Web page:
The guns, trying to unmask Suicide, gave him the Made in Detroit. Then Creed and Machismo ran in, teasing they were all going to find out who Suicide truly was. Machismo called the guns “The Rockers.” Suicide tried to escape, but he was held down. Machismo and Creed got the mask up to his chin, then had to hold it forever since they weren’t supposed to unmask him. It’s amazing a taped show can still have angles look bad. Fans were chanting for Suicide to be unmasked, which is the exact opposite of what it should have been. Finally Daniels ran in to make it clear he wasn’t Suicide, or at least this incarnation of him. Daniels gave Shelley the angle’s wings as he and Suicide shook hands. Daniels told him Suicide owes him one. Don West, who was much more of a heel on this show than recent weeks, was pretty funny trying to disprove the evidence, saying O.J. Simpson looked guilty but look how that worked out.

The exact same Jarrett package that played at the start of the show aired again. Can someone in TNA invest in a stopwatch so the shows time out right?

Steiner sat Sharmell and Morasca down together, but it just wound up with those two screaming at each other. Sharmell is so much better as a personality, she just acts Morasca right off the screen.

Kevin Nash defeated Tetsuya Naito and Yujiro in 2:20 in a tribute to the magic of 1999 Nitro match. Nothing like burying a great tag team at the expense of a 50-year old who can’t do much of anything anymore. Nash took a few dropkicks early, but pinned Naito with ease after a jackknife. Nash cut a promo on Joe afterwards. Turns out the burials were just getting going. DUD

Foley was watching the tape of the DVD in his office talking to someone, but it turned out to be the artist formally known as Mr. Socko.

A.J. Styles cut a promo about his match at Sacrifice against Booker, which is now a I Quit match. For reasons known only to Russo since he had to book this, the next match on the show was an I Quit match.

Booker T defeated Jethro Holliday in a I quit match in a whopping 5:17. Holliday may as well give notice. When was the last time you saw a babyface lose clean in an I quit match? Having watched wrestling for 24 years, I can safely never before until now. I could just hear Jim Cornette ranting about Bill Watts’ interviews regarding giving interview to set up stipulation matches. In TNA, not only do they they just throw a stip match out for no reason, they throw a stip out in a throwaway match on TV, then bury the babyface in his third appearance in the company. Then they wonder why they can’t create new stars. To make sure the match had no heat, Holliday kept giving comedy answers when Booker held the mic up to his mouth like “your mama”and “Sharmell looks good naked.” Sharmell distracted the ref, in an I quit match mind you, so Booker could hit the chair shot. I didn’t know you could DQ someone in an I quit match. Hell, Bob Giegel didn’t want to book Magnum T.A. and Tully Blanchard because he thought the match would get too out of control. Dusty Rhodes played that up for three weeks on TV. Booker then hit an ax kick, and Holliday said “I’m done.” I got flashbacks to Kimbo Slice. Awful booking. *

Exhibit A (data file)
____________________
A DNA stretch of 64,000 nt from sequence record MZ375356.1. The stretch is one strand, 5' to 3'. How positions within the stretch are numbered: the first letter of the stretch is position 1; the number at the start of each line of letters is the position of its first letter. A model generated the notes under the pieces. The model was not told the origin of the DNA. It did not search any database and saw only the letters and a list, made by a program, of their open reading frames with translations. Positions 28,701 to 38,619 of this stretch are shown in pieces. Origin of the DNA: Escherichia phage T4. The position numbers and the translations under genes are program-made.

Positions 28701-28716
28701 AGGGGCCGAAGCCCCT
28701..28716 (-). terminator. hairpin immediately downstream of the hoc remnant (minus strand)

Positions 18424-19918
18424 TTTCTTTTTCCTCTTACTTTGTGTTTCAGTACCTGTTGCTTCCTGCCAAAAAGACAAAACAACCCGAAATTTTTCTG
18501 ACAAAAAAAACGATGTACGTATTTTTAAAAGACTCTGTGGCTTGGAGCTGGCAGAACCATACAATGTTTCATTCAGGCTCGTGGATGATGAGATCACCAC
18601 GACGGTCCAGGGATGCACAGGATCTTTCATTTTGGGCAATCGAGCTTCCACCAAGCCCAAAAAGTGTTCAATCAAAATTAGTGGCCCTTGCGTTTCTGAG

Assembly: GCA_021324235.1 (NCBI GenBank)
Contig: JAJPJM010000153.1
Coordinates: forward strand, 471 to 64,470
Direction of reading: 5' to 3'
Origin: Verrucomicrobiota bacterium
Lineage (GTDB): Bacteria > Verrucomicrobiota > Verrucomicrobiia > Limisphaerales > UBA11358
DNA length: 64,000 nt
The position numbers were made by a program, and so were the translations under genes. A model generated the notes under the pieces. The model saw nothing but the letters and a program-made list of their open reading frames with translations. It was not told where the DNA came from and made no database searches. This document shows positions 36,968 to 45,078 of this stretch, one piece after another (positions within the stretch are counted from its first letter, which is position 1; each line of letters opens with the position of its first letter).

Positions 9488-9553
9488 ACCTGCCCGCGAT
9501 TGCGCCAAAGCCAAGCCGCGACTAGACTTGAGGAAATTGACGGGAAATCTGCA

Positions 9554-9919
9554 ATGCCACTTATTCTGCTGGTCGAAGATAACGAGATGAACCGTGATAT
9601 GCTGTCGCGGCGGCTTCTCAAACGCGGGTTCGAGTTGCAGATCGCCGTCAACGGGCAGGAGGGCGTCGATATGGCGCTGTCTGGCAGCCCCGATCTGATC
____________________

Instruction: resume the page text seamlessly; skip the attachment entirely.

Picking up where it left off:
Mick Foley went into the production truck to give Craig Leathers the DVD. Foley then came out. The DVD was of Jarrett showing the audience around the old Nashville Auditorium, the site of the old TNA weekly PPVs. Jarrett talked about growing up going to matches there. As he went inside the box office to show where his grandmother Christine took tickets, Foley jumped him by choking him with cables. Foley threw him into a fenced door and pounded on him for several minutes. Then he walked out of the building and talked about what a dump that building was. Too bad he was telling the truth. They had to pipe in boos for artificial heat. Foley then cut a heel promo in the ring to end the show.

SUMMARY: There’s a reason why this company is known as simply WCW 2. All the younger stars are buried or just about dead, which totally defeats the purpose of what this company needs to be in order to make real money. It’s nothing more than a nostalgia company at this point with national television and this show hammered that point home.